"This policy does not apply ... to bodily injury or property damage which is either expected or intended from the standpoint of the insured."

(Italics omitted.) Unigard, at 262, 579 P.2d 1015. The Unigard court held that, as to the boy, the fire damage was the expected result of an intentional act, so that the insurance company had no duty to defend or indemnify him. Nevertheless, the Unigard court held that the insurance company had a duty to defend and indemnify the parents, reasoning as follows:

The policy extends defense and indemnification to "the Insured," and it excludes from coverage intentional acts resulting in injury or damage "expected or intended from the standpoint of the insured." The parties concede the boy and the Hensleys are all "insureds" under the policy. In such instances, where coverage and exclusion is defined in terms of "the insured," the courts have uniformly considered the contract between the insurer and several insureds to be separable, rather than joint, i.e., there are separate contracts with each of the insureds. The result is that an excluded act of one insured does not bar coverage for additional insureds who have not engaged in the excluded conduct.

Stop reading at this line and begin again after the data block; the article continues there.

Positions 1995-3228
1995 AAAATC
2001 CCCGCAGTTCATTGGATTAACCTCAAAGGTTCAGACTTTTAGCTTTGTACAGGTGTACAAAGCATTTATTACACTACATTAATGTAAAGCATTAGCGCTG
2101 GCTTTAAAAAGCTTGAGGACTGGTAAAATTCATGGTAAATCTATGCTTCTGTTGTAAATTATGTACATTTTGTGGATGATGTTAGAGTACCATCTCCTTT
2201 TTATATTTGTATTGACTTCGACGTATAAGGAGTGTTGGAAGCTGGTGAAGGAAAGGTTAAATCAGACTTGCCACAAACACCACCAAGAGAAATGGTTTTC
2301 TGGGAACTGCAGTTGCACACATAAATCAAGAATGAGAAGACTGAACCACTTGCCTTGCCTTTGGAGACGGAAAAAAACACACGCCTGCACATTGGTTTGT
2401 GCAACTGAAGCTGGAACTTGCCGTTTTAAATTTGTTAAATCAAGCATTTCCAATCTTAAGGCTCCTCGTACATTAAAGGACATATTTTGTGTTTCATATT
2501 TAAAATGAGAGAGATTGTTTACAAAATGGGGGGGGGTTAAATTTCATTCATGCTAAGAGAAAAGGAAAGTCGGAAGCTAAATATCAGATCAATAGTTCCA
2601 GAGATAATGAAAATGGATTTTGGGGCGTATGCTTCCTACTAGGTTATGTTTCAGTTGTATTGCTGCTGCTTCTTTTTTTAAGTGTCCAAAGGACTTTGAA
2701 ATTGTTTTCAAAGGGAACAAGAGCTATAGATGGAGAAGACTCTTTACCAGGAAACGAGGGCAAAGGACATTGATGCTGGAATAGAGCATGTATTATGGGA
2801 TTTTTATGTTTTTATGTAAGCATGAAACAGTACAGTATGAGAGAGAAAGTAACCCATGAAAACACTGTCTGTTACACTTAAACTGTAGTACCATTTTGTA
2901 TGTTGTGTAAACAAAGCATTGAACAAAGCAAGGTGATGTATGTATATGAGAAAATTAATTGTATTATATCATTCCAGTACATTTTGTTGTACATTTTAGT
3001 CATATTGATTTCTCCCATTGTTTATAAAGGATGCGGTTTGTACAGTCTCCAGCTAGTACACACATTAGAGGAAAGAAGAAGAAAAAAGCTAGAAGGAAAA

(Footnote omitted.) Unigard, at 265-66, 579 P.2d 1015.

Applying the Unigard reasoning to the present case, we hold that the plain terms of the FAIC insurance policy entitle Clyde Strong to liability coverage. Liability coverage is provided to "the insured." Coverage is excluded for injury or damage caused intentionally by "the insured." Since coverage and exclusion have been defined in terms of "the insured," there are separate contracts between FAIC and its insureds, and the excluded act of Lisa Strong does not bar coverage for Clyde Strong.

Our conclusion that Clyde Strong has liability coverage is reinforced by a severability clause contained in the policy:

The insurance afforded under the Liability Section applies separately to each insured against whom claim is made or suit is brought, but the inclusion herein of more than one insured shall not operate to increase the limits of COMPANY'S liability.

(Italics ours.)

The terms of an insurance policy must be understood in their plain, ordinary and popular sense. Clear and unambiguous language is not to be modified under the guise of construing the policy. Farmers Ins. Co. v. Miller, 87 Wash.2d 70, 73, 549 P.2d 9 (1976). The severability clause included in the FAIC policy clearly and unambiguously provides that liability coverage applies separately to each insured. It follows that FAIC cannot deny coverage to one separate insured, Clyde Strong, based upon the intentional acts of another insured, Lisa Strong.